By the end of the week I’ll be heading back to Minnesota from Florida.  I’ll keep you apprised of my writing progress once I get back home.  Write on!

Bias – for it or against it?

What effect do our biases have on our writing?  For that matter, how do you even know you have a bias?  That’s easy; we all have biases.  They come from having life experiences and drawing conclusions or emotional associations to those experiences, often with limited data.

For instance, I am only familiar with one person who wore a toothbrush mustache:  Hitler.  I think due to the enormous negative impact Hitler had on the world at large, men for the most part quit wearing that style mustache.  When I see a toothbrush mustache, I think of death camps and Nazi war crimes, no matter that the mustache was not responsible.  That is a bias.

Your biases and my biases are our opinions on a given subject, our slant, our views.  I may say I would never name a child of mine Hildegard because I knew a Hildegard in grade school who made my life a living hell.  That, my friend, is a bias.  Attorney bashing is a national pastime; it is also another bias.  What do people hope their children become besides doctors?  Yup, lawyers.  Social standing and prospective income notwithstanding, everybody needs one or the other eventually and hopes for a discount.  Is that a bias?  You bet.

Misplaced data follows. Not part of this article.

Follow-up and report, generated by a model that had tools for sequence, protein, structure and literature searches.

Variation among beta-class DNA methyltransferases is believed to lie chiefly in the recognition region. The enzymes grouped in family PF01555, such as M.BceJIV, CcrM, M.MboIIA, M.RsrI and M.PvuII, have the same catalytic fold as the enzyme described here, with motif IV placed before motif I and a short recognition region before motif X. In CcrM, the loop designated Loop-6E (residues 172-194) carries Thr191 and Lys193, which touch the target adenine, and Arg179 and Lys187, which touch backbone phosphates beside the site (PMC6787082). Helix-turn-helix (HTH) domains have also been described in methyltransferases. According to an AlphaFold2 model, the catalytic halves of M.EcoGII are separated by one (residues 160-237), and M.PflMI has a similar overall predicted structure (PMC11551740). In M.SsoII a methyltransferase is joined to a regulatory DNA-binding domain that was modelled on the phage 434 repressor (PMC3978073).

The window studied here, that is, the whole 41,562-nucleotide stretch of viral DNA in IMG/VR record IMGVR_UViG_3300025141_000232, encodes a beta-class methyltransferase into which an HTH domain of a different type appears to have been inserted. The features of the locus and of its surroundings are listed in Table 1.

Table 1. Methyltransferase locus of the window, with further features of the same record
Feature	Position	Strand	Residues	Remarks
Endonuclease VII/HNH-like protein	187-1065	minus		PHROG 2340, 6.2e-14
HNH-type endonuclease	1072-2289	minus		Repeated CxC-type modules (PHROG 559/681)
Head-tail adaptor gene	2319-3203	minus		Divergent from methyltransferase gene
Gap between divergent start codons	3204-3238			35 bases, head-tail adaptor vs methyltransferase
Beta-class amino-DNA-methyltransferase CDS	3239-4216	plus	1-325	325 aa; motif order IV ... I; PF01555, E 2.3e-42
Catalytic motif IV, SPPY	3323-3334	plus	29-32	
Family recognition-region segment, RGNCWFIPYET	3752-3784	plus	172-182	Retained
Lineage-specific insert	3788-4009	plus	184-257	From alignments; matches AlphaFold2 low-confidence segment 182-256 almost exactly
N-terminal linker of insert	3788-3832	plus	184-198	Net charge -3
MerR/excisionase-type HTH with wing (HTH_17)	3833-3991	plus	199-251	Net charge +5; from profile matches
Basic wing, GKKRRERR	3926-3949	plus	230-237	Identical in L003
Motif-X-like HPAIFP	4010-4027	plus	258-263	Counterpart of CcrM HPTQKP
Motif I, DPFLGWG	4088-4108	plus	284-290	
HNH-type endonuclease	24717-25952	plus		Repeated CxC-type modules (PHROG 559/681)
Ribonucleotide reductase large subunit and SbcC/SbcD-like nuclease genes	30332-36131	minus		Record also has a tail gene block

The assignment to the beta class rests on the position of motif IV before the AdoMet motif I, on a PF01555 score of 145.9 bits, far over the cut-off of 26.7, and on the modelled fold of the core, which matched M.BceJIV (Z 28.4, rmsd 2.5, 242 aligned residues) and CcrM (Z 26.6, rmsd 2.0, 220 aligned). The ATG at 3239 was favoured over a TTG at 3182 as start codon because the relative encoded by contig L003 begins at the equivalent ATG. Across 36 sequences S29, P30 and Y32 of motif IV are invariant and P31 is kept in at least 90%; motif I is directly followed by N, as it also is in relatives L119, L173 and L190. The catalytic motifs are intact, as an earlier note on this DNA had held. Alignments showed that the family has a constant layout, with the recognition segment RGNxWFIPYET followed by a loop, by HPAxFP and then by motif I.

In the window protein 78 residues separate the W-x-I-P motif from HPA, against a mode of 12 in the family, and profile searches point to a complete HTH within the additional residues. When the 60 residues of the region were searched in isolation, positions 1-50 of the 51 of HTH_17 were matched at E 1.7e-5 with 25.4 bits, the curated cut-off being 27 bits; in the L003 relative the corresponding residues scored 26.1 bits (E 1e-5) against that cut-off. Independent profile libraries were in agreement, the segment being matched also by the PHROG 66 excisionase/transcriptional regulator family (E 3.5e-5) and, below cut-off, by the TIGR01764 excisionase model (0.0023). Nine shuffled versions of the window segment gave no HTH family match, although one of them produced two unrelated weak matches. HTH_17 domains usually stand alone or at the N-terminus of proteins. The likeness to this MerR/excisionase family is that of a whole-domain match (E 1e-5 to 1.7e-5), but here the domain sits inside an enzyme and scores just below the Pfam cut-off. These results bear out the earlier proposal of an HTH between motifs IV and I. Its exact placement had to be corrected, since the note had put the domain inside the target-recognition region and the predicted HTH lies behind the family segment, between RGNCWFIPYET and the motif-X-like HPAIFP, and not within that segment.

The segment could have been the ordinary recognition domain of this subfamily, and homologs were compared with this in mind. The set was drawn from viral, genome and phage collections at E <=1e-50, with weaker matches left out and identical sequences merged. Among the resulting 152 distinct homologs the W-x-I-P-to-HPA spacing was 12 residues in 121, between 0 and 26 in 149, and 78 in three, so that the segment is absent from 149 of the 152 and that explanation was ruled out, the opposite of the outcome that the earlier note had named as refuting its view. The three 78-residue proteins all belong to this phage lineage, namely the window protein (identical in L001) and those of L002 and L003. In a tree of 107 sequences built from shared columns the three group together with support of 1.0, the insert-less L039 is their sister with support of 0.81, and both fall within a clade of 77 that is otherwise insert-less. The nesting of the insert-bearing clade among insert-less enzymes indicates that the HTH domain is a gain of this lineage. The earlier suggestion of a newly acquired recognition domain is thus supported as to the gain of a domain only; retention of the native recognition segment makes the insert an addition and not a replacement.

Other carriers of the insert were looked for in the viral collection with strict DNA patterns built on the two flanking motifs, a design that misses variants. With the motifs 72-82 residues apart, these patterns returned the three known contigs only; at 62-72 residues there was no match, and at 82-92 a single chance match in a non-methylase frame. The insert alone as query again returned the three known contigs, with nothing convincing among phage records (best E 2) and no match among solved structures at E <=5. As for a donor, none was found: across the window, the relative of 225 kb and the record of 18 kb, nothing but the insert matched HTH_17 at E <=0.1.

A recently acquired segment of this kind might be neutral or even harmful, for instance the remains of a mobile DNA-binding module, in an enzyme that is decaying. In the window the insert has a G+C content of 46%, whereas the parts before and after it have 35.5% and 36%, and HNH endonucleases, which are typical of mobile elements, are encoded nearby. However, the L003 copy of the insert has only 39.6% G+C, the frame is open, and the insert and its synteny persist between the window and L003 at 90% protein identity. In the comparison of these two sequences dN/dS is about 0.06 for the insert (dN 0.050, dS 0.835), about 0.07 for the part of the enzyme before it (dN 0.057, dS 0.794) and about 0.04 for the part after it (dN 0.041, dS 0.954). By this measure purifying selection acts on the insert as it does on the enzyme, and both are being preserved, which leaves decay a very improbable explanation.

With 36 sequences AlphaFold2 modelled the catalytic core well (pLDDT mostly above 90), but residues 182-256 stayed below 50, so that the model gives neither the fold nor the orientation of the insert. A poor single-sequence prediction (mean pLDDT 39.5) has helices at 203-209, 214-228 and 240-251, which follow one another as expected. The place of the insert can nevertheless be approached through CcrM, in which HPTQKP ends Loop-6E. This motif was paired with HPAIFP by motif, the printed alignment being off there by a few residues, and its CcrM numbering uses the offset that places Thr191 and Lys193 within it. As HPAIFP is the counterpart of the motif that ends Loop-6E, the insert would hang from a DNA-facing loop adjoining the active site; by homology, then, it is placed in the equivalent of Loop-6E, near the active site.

Biases are a fact of life.  Our characters have them, but they should have their own, peculiar to them as individuals.  I’m not advocating that what we write be free of bias, but that we are aware everyone has them and we are judicious about them in our writing.

You can’t write without bias.  How flat would our characters be then?  We just need to be aware of the fact of and inescapability of bias as a facet of humanity.

Here are a couple of resources regarding bias in writing:

“Have Bias, Will Write” is an article by Scott Warner.  You can find it here.  He explores bias in such writings as the New York Times and Tom Sawyer by Mark Twain.

There are no end of biases to choose from.  “Biases in Science Fiction” is an article by Steven Novella that you can find at the Neurologica blog here. This article explores the biases of science fiction writers concerning designs of ships for star travel and how they depict gravity and thrust.  It sites such works as Star Wars, Battlestar Galactica and 2001, A Space Odyssey.